Pakistan: Talibanisation Threatens Girls' Schooling in the North West Frontier Province
The Swat Valley, home to around 1.5 million people and about 150km northeast of Peshawar, has been the scene of some of the most fervent Islamic extremism in recent years.
Radical clerics like Maulana Fazlullah, who broadcasts a fiery brand of militant Islam over an illegal FM radio station, insist that a woman's place is in the home and that girls should not be sent to school at all.
At least four girls’ schools have been bombed over the past 12 months, and many others, in towns across the NWFP, and even in Peshawar itself, have received threats in letters or telephone calls.
In April 2007, two schools in the town of Mardan, 35km northeast of Peshawar, were forced to close temporarily after teachers and students were warned they must don the 'burqa', the head-to-toe veil used by some Muslim women.
"If you are a female teacher in the NWFP, there is a sense of danger. Often, militants have found the easiest way to close schools is by targeting teachers," said Bushra Rehman, 42, a primary school teacher in Mardan.
Symptomatic of the atmosphere in Swat Valley is the fact that Jan Muhammad Khan himself feels compelled to grow his beard after barbers were warned to stop shaving them.
School enrolment up
Khan fears that if he continues to live in Swat, the education of his three daughters, two of them younger than Ghazala, could be adversely affected. However, he is convinced that educating girls is very important, "even if it is only so they can manage family life effectively and help their children," and despite the annual school fees in Peshawar of US $33.
Certainly, these perceptions are shared by many parents across the NWFP. In Pakistan, literacy figures for women have risen steadily since the 1990s. In the Swat area they have risen by 75 percent since 2002, with 30,000 more girls in schools. The provincial government, according to official data, allocated 70 percent of its education budget in 2002 to girls’ schools, creating at least 300 new schools for girls across the province.
While these efforts, backed by support from foreign donors who in many cases helped establish schools run by non-governmental organisations (NGOs), helped push up enrolment levels, the recent resurgence in militant extremism has come as a blow.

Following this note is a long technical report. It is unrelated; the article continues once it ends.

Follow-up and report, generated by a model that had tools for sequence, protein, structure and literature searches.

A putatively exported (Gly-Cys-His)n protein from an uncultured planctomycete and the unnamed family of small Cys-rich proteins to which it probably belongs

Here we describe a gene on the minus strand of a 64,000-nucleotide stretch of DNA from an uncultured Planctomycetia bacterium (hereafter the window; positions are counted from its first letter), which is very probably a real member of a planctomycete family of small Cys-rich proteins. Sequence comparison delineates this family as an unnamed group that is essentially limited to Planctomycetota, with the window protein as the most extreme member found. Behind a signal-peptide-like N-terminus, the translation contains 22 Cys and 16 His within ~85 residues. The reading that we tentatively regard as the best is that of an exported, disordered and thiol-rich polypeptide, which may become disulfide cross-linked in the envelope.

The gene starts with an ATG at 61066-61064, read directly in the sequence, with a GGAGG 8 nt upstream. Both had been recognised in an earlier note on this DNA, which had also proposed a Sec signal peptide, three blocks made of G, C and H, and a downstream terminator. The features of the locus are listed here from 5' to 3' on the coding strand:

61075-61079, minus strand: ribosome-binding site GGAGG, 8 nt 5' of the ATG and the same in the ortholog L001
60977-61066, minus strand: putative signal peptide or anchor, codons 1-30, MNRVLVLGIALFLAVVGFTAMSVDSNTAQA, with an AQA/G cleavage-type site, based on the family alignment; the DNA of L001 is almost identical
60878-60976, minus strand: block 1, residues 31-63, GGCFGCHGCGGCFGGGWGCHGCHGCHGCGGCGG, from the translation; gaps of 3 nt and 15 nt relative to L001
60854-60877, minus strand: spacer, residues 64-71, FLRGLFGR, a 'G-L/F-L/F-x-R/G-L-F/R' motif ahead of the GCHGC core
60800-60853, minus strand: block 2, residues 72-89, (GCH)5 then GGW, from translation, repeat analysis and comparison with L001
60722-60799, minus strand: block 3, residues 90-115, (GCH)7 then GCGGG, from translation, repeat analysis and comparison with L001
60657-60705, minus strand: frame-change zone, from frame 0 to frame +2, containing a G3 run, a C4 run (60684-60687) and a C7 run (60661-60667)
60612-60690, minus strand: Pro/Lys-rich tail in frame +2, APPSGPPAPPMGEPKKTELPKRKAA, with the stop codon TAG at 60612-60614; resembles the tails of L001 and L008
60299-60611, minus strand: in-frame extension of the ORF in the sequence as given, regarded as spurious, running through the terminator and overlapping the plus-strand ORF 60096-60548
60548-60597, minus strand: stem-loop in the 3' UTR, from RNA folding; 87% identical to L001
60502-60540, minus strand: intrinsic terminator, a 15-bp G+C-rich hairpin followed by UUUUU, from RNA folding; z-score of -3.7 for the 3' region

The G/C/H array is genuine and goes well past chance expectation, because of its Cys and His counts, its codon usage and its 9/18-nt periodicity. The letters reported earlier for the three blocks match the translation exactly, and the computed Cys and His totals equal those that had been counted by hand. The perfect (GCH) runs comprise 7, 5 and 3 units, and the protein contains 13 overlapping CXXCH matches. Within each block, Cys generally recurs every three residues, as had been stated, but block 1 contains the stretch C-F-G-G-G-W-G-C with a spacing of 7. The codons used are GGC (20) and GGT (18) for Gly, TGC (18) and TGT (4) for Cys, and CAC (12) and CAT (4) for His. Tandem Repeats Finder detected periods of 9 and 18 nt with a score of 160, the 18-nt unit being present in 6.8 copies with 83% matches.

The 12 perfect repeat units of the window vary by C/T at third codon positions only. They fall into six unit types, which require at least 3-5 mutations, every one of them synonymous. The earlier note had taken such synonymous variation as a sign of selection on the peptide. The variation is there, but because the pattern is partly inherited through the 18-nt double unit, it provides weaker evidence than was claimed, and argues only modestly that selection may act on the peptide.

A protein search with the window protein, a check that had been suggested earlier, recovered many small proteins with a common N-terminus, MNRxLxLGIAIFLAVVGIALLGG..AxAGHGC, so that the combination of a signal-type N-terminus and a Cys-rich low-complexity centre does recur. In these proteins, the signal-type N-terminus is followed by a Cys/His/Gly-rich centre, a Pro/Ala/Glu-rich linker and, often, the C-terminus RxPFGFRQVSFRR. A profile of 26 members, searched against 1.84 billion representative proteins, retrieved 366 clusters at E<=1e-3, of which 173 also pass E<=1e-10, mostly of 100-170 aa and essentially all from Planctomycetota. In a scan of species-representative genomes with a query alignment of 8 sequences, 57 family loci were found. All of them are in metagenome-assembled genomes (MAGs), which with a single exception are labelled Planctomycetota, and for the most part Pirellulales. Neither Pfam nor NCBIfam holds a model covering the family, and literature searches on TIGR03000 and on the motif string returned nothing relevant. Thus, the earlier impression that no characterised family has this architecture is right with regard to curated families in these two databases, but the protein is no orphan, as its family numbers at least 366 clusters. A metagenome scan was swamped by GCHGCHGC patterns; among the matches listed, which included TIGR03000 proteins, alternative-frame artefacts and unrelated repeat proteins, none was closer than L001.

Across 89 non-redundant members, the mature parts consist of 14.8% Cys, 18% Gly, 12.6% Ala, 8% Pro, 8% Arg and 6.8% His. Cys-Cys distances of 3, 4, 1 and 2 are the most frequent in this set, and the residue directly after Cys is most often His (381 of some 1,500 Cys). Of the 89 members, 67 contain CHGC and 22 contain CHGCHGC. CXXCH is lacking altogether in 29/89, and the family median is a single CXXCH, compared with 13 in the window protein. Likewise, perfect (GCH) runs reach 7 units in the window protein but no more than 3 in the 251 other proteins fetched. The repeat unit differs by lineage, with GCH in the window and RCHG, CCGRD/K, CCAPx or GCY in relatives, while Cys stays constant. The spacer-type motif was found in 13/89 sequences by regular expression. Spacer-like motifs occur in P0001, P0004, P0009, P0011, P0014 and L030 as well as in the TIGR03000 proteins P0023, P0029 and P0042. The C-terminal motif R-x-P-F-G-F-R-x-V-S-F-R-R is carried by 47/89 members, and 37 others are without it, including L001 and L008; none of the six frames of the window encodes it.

“New sense of fear"
Estimates of how many girls have been affected by the radicals’ campaign against schools vary. Data maintained by NGOs active in education suggest at least 1,000 girls have permanently or temporarily been pulled out of schools over the past year as a direct or indirect consequence of the new threats.
"There are new challenges in the NWFP. Many of the teachers and pupils at our schools, especially in more remote areas, have a new sense of fear," said Maryam Bibi, founder of Khwendo Kor (Sister's home), which sets up schools for girls in NWFP areas where need is greatest.
Afrasiab Khattak, a rights activist and lawyer in Peshawar said: "Most people are very eager to educate girls." He blamed what he called "growing talibanisation" on the establishment's support for militant groups.
Government officials say the threat has so far not had any major impact on enrolment levels, and only "very few" girls have stopped going to school.
Parents “too afraid”
Pakistan's primary enrolment rate for girls is the lowest in South Asia, standing at 45 percent. Less than 50 percent of women are literate, and in parts of the NWFP, literacy levels for women drop to below 20 percent. This precarious situation means the threats to the schooling of girls in the NWFP represent something of a challenge. There is apprehension that the wave of extremism could spread. Imran Khan, the coordinator for the Human Rights Commission of Pakistan (HRCP) in Peshawar, said: "Certainly, there are more and more reports of attempts to keep girls out of school."
Shyly, speaking with her `dupatta’ (scarf) wrapped around her face, Ghazala said: "Many girls at school say their parents are too afraid to send them. They are trying to keep up with their studies at home, but it is hard." Ghazala is proud her own father is making so much effort to educate her and her sisters, and is ready to move to Peshawar to do so.
But she adds: "Most people cannot do this, as they are poor, and I fear for the future of the girls who have been driven out of school."
7 June 2007
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